[17:50] You can spend a whole leisurely day at Giverny. If you rush, you could do it in 2 hours, 4 hours seems like an ideal amount of time to spend there. If you’re into botany, you’ll need more time because you’ll want to pay closer attention to specific plants.

Giverny Was “Une Ferme de Paysan”

[20:00] When Monet rented Giverny, it was 20 hectares and it was a “ferme de paysan” so a farm. Monet quickly started to transform the farm into a flower garden. Giverny became his life’s work, he worked there along with the gardners his whole life.

What You Will Inside the House at Giverny

[21:19] When you go into the house, at first you see the studio room that he used when he was older because he could see into the garden. You see the original furniture in the house, and on the walls you see reproductions of Monet’s work by amateur painters. They don’t look near as good as the original and anybody can tell! Then you see the bedroom, the blue and white kitchen and the very yellow dining room.

Monet Lived a Charmed Life

[23:34] Monet lived a charmed life other than a couple of tragedies (the untimely death of his first wife and the death of one of his children). When he wasn’t painting he entertained his friends. He was a well-centered person. He was very close to all the impressionist painters, close to Alfred SisleyCamille Pissarro, Berthe Morisot who he took under his wing. He was also very close to French Prime Minister Georges Clémenceau.

Giverny as a Place of Pilgrimage

[25:09] Giverny has now become a place of pilgrimage. In part because Monet’s art is so well represented all over the world, but also because he personifies that time period. His legacy has been preserved in part thanks to a lot of American money.

Claude Monet and Georges Clémenceau

[26:29] Claude Monet had the privilege of being best friends with Georges Clémenceau (Président du Conseil) and that’s how he was given the space at the Orangerie to do the lily pads. That’s also how he got a State Funeral. Sadly, Money died before the Orangerie opened with the lily pads. In many ways Monet was an “official” French artist.

Claude Monet, the Conventional Artist

[28:33] Claude Monet was also a conventional Frenchman. He was grounded, not a thrill seeker. He had his wife and his kids and his work and that fulfilled him. Walking through the gardens and sitting on a bench near the ponds at Giverny can be a meditative experience. It became important for other artists to come visit him and he made people come to him at Giverny.

Also Consider Visiting the Marmottan

[31:00] The Marmottan Monet Museum in Paris has a lot of wonderful pieces by Monet, and also well-worth a visit. But Giverny continues to be the place of pilgrimage where people flock to in order to get a feel for his work and legacy.

Should You Stop at the Musée des Impressionismes at Giverny?

[32:00] The Musée des impressionismes in Giverny is located near the gardens is now open and features impressionist and post-impressionist artists. The space itself is lovely, not very big, it is dedicated to other artists who worked at the same time as Monet or were influenced by him. It will take an hour or so to visit and is recommended if you have the time.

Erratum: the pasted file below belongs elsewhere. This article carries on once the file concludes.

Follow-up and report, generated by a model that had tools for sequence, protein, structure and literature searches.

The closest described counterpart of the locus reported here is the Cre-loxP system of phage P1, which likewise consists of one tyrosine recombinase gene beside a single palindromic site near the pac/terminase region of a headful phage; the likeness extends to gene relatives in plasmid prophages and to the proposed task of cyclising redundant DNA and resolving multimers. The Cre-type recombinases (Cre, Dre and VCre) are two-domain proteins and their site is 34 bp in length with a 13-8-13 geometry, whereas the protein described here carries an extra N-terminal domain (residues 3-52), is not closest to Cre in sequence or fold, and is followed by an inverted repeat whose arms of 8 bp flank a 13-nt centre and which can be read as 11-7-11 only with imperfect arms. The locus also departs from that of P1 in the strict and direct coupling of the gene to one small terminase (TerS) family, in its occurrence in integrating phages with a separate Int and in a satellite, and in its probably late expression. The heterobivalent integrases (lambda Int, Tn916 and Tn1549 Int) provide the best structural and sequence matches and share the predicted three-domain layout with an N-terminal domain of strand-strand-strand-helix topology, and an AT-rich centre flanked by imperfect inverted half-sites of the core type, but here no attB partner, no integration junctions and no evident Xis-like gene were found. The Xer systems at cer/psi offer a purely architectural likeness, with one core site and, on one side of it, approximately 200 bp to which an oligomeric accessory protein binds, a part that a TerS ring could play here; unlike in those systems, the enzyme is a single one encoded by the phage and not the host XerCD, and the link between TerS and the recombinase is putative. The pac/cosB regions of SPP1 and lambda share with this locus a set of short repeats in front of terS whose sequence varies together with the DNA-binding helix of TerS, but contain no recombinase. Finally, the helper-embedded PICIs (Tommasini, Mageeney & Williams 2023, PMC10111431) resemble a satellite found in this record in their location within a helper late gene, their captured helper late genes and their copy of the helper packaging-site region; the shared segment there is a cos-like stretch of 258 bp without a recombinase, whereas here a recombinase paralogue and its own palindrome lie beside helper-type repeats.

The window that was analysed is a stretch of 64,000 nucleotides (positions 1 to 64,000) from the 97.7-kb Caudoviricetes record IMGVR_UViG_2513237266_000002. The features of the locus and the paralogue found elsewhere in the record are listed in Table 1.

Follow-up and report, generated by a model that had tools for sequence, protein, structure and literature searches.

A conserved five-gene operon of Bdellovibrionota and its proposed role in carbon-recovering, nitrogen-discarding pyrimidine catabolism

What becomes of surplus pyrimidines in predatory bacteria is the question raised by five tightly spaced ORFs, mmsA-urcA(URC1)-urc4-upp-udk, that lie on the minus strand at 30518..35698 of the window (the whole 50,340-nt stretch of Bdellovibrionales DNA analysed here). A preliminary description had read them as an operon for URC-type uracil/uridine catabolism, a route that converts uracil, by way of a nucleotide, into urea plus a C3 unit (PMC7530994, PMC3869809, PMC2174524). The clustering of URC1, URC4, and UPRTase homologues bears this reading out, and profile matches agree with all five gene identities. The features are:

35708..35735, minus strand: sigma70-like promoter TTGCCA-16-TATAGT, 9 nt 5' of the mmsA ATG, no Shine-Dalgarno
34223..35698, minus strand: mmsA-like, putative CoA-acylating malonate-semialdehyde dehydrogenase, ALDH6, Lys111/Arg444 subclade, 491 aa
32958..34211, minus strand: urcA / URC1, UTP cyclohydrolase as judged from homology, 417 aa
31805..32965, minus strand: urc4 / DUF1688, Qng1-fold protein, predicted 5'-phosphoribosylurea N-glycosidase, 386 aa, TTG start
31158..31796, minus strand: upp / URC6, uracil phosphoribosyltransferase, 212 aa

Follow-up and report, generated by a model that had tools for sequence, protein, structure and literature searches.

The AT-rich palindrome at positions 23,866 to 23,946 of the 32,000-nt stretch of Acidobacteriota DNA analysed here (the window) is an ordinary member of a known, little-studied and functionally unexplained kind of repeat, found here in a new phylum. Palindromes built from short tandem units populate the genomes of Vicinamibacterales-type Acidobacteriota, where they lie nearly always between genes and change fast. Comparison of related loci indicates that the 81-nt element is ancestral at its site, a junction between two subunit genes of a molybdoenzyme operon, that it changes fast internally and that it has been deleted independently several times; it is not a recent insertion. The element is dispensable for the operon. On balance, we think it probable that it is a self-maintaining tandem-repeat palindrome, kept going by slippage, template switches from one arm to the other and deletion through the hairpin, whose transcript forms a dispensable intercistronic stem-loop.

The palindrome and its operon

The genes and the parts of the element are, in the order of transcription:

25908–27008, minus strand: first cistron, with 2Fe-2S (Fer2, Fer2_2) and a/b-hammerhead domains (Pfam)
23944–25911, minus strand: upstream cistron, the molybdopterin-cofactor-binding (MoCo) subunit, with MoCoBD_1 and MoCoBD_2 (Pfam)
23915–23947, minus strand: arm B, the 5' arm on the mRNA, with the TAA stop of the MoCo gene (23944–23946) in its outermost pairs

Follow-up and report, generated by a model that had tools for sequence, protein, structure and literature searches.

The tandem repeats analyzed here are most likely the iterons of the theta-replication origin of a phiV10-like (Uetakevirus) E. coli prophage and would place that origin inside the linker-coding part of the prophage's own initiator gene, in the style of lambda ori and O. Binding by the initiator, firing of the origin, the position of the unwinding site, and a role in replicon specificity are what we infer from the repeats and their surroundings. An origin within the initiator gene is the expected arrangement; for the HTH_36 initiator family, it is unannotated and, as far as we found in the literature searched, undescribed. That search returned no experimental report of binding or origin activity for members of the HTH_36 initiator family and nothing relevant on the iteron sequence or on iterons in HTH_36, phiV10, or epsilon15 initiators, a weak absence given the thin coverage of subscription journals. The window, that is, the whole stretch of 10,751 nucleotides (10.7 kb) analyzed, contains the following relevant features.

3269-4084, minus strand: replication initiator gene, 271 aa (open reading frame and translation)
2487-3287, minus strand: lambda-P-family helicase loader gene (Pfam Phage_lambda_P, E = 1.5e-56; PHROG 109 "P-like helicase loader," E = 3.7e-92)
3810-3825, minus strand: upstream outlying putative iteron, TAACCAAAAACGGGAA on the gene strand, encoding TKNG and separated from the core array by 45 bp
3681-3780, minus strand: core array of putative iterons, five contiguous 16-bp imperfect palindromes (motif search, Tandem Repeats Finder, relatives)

How to Schedule Your Day at Giverny

[33:50] Elyse and her sisters took the 8:30 AM train out of Gare Saint-Lazare and took the 5:30 PM train back to Paris. This means they got to Giverny by 10 AM which is about when it opens. There are nice places where you can get some breakfast and lunch as you walk to the entrance.

The Gift Shop at Giverny

[35:40] The gift show at Giverny is pretty big, they have a little of everything, but also garden books and seeds. It’s a great place to bring little souvenirs.

Giverny as a Photographer’s Paradise

[38:00] Giverny is not a place that needs a lot of talking or explaining. It is a place of contemplation. If you want more details on the plants there are books and their website is also very good at giving the names of the plants. It’s a photographer’s paradise and a place that appeals to the senses.

Addicted to France Tour to Giverny

[39:38] The Addicted to France May Tour is going to be happening May 27th thru June 3rd. Before the tour there are two add-ons you can purchase:

  • On May 25th we’ll go to Versailles and will visit the King’s Private Apartments. Then Elyse will guide through the rest of the Château.
  • On May 26th we’ll be going to Giverny.
  • May 27th thru June 3rd is going to be the full Paris Tour that we’ve talked about on the show before.
  • June 4th thru June 7th we’ll be going to Normandy, including the commemoration of D-Day, Mont Saint-Michel and Bayeux

The Extra this Week

[45:54] The Extra this week is the Circular Paris Metro Map

French Tip of the Week

[47:00] French Tip of the Week: “Quel temps de merde !”

Conclusion

Giverny is conducive to reflection and introspection even when it is filled with visitors. We recommend you take your time and make a it a day. You don’t need to be a botanist or a photographer to enjoy it, but if you are, you will totally fall in love with the gorgeous colors and beautiful setting.

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Giverny and Claude Monet where to go once your have your skip the line tickets